Jack Kofdarali, president of J&T Management in California and the incoming NACS chairman, discusses the obstacles retailers will face over the next year and the benefits of political advocacy.
By John Lofstock, Editor
The convenience store industry continues to evolve, becoming a bigger part of the American consumers’ daily lives.
In 2014, the industry again experienced solid growth recording $697.5 billion in overall sales, despite a dramatic dip in fuel prices, according to the 2015 NACS State of the Industry report. In-store sales experienced a strong 4.6% sales growth to $214.9 billion.
The U.S. c-store count increased to 152,794 stores as of Dec. 31, 2014, an almost 1% increase—1,512 stores—from the year prior, according NACS/Nielsen data. C-stores also account for 33.9% of all retail outlets in the U.S.
Despite the positive numbers, the industry still faces an uphill battle as it faces regulations and competition from all sides. Through the years, the industry has been able to prosper despite these challenges, but strong leadership and retailer advocacy are needed to stay ahead of the game.
“We do things that other industries can’t because we share so much. This culture of sharing means that when we need to, we can mobilize and speak as one,” said Jack Kofdarali, president of J&T Management in Corona, Calif. “Overcoming obstacles and coming together to control our destinies, speaking with one voice and getting the job done is what this industry is all about.”
Kofdarali, who operates more than 30 ampm stores in California, is the new incoming chairman of the National Association of Convenience Stores (NACS). He sat down with Convenience Store Decisions to discuss what retailers can expect over the next 12 years.
CSD: What do you see as the main issues facing the industry today?
JK: Regulations continue to be a burden from all angles — cities, states and the federal government — and there is no end in site. Convenience store retailers have to learn how to be savvier to navigate these regulations and still outperform their competition.
The days of surviving on cheap gas and cigarettes are over. With high credit card fees, you can’t sell gas for pennies over cost. Customers are demanding more inside the store and cigarettes will continue to decline, that means we need to learn how to expand into areas like fresh foods. That’s a big transition.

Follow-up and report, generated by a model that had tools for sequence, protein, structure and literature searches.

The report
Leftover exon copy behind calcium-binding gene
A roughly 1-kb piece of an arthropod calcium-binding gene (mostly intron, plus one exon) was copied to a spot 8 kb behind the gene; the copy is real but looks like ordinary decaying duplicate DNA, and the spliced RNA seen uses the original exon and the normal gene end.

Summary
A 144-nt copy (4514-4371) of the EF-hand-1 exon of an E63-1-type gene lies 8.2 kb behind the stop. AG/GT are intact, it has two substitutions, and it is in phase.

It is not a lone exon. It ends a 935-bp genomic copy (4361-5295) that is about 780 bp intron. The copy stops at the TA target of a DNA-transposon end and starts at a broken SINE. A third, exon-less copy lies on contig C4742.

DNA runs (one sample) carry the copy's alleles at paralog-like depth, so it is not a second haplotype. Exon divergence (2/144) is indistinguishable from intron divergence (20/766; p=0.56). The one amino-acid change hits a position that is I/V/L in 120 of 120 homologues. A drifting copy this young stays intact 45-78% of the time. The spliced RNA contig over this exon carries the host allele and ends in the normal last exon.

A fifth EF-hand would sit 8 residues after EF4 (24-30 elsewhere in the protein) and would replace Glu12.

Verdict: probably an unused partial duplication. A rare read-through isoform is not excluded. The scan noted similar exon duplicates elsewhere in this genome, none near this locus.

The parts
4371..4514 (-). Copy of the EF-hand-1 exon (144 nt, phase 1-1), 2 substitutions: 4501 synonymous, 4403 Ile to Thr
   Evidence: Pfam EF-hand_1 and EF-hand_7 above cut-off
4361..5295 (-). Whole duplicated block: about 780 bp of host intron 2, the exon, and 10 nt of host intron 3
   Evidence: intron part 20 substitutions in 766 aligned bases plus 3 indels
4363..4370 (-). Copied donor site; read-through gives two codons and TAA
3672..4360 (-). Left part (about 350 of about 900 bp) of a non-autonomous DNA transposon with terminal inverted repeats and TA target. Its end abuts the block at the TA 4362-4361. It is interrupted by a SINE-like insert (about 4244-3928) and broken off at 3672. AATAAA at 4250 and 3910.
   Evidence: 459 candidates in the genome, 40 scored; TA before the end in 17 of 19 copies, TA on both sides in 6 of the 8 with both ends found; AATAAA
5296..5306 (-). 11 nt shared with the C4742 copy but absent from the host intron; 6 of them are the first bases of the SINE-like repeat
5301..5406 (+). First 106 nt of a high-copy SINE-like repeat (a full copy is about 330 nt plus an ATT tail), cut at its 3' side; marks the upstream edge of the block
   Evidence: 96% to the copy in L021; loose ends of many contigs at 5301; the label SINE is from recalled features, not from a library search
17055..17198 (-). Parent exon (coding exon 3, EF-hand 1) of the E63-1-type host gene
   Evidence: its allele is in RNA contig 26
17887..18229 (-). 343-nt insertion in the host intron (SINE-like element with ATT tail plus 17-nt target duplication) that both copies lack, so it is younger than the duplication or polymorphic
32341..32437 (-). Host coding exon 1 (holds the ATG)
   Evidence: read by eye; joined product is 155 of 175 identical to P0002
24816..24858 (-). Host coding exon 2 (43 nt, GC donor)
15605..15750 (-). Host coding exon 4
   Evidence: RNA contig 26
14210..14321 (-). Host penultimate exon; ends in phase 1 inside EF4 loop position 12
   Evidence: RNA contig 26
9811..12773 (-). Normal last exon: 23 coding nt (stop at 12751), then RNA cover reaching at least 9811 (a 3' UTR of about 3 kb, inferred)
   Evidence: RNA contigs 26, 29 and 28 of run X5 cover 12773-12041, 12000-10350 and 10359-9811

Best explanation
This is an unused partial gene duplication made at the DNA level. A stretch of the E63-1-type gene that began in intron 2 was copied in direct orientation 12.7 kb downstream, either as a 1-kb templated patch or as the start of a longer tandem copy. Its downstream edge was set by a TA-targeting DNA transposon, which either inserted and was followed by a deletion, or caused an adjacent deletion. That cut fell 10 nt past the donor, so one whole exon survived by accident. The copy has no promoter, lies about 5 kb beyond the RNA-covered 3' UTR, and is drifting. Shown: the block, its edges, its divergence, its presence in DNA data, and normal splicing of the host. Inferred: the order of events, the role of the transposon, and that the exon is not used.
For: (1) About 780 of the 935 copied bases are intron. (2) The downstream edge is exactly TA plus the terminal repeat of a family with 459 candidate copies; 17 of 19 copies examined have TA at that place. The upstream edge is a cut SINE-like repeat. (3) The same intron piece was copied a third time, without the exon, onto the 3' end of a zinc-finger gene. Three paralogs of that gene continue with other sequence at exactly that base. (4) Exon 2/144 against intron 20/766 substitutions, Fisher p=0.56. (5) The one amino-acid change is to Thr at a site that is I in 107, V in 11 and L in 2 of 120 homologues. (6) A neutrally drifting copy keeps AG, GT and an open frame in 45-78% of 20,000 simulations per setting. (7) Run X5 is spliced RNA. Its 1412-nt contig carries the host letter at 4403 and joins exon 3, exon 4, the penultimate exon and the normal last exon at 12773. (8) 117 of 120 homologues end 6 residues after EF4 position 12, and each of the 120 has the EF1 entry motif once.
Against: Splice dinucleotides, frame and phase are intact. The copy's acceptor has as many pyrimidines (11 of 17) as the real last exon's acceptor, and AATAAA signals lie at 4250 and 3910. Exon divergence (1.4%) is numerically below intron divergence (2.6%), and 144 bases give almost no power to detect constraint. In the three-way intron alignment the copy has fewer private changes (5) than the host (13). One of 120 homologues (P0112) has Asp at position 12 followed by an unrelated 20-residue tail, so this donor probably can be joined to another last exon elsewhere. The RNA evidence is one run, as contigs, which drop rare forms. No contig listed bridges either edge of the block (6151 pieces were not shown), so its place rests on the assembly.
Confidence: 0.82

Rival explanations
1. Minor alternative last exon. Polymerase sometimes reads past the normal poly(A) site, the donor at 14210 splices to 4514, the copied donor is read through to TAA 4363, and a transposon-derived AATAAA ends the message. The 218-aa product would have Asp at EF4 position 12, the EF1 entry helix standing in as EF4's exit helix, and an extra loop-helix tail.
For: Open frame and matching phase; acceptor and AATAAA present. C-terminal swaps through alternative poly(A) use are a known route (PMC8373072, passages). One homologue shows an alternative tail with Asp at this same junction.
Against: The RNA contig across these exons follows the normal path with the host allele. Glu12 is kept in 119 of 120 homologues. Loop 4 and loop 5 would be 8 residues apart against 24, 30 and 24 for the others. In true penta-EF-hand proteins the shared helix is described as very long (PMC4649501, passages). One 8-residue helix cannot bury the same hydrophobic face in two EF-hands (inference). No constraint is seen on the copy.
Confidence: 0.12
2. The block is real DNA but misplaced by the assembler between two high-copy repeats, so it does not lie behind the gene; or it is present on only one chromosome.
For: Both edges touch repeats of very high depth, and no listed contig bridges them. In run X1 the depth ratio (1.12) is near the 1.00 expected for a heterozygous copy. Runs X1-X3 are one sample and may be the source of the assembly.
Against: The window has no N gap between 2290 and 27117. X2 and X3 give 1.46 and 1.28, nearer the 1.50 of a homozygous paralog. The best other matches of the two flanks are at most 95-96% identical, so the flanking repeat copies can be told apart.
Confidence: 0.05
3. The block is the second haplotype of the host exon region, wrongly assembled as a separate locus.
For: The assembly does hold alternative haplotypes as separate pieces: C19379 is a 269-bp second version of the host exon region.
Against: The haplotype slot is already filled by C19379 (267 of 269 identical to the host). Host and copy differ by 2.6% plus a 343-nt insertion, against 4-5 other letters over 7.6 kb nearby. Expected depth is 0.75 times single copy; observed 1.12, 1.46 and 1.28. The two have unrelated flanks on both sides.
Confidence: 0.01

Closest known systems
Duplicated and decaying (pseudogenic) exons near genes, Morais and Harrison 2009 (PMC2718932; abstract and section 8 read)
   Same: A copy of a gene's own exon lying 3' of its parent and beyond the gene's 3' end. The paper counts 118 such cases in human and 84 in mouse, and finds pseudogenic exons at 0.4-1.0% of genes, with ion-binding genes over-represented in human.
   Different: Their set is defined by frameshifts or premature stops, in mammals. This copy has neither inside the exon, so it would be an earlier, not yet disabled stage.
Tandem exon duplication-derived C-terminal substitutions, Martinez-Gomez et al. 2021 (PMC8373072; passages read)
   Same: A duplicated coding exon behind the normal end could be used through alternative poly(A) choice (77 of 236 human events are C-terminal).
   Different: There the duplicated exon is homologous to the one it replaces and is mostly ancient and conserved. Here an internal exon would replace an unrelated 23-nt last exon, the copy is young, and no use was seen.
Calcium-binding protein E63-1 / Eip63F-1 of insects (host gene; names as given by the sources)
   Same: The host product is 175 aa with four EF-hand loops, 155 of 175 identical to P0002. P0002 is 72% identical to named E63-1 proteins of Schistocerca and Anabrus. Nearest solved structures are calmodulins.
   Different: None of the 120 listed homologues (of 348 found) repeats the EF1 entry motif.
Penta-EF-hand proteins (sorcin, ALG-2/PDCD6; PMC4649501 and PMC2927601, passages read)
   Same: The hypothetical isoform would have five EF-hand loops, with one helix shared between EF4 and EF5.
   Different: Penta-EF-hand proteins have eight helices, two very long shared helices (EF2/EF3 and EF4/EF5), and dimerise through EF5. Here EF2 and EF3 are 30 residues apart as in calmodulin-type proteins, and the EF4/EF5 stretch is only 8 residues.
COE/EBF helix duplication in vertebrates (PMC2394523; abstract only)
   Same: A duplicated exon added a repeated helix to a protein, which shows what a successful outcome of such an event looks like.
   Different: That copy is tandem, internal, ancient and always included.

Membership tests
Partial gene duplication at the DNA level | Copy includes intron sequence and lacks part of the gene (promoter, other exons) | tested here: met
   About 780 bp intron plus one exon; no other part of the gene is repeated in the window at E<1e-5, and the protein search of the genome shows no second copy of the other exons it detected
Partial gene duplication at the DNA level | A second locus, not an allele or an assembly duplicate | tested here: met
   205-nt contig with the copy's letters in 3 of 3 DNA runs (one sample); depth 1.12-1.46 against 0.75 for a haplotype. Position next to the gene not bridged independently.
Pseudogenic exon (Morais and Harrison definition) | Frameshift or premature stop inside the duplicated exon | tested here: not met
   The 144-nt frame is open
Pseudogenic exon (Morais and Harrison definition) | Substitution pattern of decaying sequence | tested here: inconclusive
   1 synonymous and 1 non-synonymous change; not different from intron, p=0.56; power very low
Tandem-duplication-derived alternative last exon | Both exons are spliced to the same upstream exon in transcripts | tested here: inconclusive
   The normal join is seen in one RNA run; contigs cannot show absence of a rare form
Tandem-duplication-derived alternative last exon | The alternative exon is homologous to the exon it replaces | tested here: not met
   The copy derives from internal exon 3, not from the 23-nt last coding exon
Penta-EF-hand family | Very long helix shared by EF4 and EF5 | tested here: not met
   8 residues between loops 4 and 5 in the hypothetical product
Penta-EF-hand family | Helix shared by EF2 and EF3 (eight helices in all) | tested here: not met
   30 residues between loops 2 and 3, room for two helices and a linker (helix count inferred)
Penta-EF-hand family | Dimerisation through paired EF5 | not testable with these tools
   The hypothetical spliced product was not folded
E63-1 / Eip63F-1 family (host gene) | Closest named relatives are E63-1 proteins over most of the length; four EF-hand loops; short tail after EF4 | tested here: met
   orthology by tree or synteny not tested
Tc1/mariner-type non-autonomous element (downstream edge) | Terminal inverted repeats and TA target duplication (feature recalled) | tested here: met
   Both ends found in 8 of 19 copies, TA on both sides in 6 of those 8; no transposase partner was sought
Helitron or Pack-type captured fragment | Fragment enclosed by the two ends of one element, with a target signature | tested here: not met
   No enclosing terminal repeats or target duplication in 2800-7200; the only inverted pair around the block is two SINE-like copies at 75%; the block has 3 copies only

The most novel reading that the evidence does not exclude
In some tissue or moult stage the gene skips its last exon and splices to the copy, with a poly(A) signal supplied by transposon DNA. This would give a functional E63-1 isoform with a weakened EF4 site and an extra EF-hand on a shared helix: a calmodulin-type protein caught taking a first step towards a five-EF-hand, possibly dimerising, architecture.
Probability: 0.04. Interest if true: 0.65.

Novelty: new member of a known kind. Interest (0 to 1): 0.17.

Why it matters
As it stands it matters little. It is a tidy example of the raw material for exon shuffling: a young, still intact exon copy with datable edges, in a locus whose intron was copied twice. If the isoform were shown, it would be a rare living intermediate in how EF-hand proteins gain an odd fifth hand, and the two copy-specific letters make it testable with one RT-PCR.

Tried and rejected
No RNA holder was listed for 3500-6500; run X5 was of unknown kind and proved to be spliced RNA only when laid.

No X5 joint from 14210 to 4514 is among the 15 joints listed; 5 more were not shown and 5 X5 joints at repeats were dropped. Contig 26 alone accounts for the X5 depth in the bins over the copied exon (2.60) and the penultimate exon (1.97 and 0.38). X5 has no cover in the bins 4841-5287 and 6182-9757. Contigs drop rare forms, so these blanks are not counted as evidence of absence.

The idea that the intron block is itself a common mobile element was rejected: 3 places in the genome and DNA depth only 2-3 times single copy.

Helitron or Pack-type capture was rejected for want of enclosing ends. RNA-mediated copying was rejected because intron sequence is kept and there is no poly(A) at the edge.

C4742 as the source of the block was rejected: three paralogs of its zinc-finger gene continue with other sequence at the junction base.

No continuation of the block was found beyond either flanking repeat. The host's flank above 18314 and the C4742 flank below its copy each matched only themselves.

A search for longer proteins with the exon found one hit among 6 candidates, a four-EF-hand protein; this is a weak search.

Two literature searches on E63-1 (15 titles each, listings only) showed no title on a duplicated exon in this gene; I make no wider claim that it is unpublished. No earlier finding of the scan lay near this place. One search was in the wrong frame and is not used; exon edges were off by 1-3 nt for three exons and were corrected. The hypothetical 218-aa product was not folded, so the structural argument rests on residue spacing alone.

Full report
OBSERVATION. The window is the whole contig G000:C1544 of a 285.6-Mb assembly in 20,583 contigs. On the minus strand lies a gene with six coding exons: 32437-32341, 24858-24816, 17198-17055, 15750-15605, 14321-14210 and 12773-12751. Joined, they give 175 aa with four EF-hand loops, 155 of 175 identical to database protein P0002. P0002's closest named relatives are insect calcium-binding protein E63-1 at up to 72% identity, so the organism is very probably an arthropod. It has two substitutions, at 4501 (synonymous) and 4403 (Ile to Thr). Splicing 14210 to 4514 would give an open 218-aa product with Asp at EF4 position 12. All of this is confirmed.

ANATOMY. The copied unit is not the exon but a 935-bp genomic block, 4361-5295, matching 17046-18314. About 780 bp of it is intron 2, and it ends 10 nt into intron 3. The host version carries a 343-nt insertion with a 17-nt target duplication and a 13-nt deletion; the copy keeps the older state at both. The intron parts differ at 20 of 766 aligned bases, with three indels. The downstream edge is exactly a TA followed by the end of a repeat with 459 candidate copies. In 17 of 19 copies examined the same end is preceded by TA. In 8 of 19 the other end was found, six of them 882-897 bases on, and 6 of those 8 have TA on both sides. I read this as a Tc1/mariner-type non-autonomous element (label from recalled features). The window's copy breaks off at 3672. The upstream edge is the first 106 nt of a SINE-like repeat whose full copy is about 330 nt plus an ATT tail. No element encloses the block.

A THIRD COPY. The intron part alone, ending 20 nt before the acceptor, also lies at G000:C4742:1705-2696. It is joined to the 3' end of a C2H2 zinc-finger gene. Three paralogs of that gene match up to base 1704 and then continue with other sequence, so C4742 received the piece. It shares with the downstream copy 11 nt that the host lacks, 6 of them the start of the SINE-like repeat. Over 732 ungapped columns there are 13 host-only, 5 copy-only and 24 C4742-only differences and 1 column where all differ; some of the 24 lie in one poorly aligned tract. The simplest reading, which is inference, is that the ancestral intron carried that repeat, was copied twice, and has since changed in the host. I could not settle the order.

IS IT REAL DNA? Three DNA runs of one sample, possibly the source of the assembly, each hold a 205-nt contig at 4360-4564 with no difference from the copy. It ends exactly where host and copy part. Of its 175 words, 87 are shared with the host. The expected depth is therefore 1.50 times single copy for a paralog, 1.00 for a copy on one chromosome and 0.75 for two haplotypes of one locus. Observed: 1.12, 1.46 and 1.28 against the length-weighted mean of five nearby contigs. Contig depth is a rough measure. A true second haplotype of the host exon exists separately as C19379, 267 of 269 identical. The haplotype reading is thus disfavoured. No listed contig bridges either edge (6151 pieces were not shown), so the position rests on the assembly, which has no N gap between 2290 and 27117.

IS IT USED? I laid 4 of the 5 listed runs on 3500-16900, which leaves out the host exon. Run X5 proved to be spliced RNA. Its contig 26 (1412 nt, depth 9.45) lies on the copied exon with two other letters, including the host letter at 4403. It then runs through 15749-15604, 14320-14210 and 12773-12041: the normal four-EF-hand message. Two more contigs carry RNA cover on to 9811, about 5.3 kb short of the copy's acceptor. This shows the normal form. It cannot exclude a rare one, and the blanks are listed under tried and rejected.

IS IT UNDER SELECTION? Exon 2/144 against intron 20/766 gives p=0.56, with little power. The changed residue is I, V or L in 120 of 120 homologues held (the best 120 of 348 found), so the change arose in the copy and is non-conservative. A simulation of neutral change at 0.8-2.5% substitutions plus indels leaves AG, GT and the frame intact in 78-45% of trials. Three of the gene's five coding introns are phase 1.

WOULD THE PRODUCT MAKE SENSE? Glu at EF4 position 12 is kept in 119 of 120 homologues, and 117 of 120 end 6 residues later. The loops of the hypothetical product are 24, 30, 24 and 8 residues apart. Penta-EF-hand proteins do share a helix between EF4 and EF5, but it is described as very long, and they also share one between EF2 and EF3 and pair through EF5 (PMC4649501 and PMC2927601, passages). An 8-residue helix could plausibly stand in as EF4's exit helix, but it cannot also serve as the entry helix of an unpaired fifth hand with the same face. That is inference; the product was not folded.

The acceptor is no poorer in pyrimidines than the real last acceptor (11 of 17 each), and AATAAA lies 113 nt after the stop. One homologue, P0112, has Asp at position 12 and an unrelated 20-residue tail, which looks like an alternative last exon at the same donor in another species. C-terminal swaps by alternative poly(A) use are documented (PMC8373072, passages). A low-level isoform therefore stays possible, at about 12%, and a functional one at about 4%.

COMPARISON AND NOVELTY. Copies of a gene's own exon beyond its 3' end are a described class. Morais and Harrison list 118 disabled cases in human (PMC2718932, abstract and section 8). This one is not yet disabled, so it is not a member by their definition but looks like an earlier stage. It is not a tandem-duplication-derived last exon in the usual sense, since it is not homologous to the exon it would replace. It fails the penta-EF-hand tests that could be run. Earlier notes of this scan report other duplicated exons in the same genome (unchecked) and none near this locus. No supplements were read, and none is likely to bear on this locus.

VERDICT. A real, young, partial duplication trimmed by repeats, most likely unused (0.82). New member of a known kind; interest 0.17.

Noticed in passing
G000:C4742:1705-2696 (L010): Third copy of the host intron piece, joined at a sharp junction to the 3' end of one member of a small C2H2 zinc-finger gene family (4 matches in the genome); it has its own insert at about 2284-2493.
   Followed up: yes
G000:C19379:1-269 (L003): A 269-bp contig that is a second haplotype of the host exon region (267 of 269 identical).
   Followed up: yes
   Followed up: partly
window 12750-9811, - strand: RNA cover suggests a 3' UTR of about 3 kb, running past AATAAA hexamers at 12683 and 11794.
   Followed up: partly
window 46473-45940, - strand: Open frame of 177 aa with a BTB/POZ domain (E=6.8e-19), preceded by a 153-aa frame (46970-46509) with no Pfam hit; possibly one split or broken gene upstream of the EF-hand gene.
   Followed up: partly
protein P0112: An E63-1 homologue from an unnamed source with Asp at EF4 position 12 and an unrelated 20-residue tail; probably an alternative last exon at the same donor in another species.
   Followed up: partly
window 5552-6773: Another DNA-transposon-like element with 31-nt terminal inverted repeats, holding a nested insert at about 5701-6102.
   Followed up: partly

Plus, the big box retailers are getting more serious about tying inside purchases with gasoline and giving significant discounts at the pump. Our industry must figure out a way to deal with this. Creating loyalty programs with smaller grocers in your area or creating your own loyalty program is becoming a necessity.
CSD: How do you see the National Association of Convenience Stores addressing these concerns?
JK: NACS is doing a fantastic job through its Political Action Committee (NACSPAC) of lobbying on the Hill to protect our industry, but retailers must get more involved both on the Federal level with NACSPAC and on the local level with their city council members, state assembly men and women and other elected representatives. That’s where many important battles are won and lost.
Collectively, we must have our representatives get familiar with our industry, and we need to tell them our great stories, the wonderful services we provide to our local communities and help them understand that the decisions they make will impact our industry, our families, our employees and their constituents.
CSD: How important is retailer advocacy? What kind of a difference can retailers make at the local, state and federal levels to ensure a viable industry?
JK: It is extremely important. While NACS doesn’t get involved at the local level, many state associations do a fine job of getting the word out to retailers of what they can do locally.
Combined with NACS’ efforts, we can be very effective, but it’s up to us retailers to get involved and educate every one of the challenges we face, the contributions we make, the taxes we produce and the employment we provide. Oftentimes, the local officials are the one who rise to state and federal levels later. It is best to educate them early on and keep them as friends and industry allies.
CSD: Convenience store retailers currently sell 80% of the country’s motor fuels, but the fuel industry is changing. What’s the next step for industry retailers? Should they be investing in renewable fuels, electric charging stations, etc.?
JK: Our industry has to remain flexible to be able to sell liquid fuels as they become legal and viable to sell. I think NACS is doing a great job with the Fuels Institute in determining the road ahead. I rely on them heavily to tell me how to steer and navigate the road to future fuels.
CSD: The country’s demographics seem to be shifting and the core convenience store customer is changing right along with it. How must convenience stores evolve to serve this new demographic while still holding on to core customers?
JK: I believe our stores need to get more into serving fresh foods and ready-to-go foods as more and more of our customers see us as the preferred destination for their foodservice needs, as well as their daily snacking needs. The industry must continue to evolve and elevate our image.
That bottom tier of operators, whose stores are dirty and look terrible, is bad for business. It hurts our image and the industry overall. We have to be better.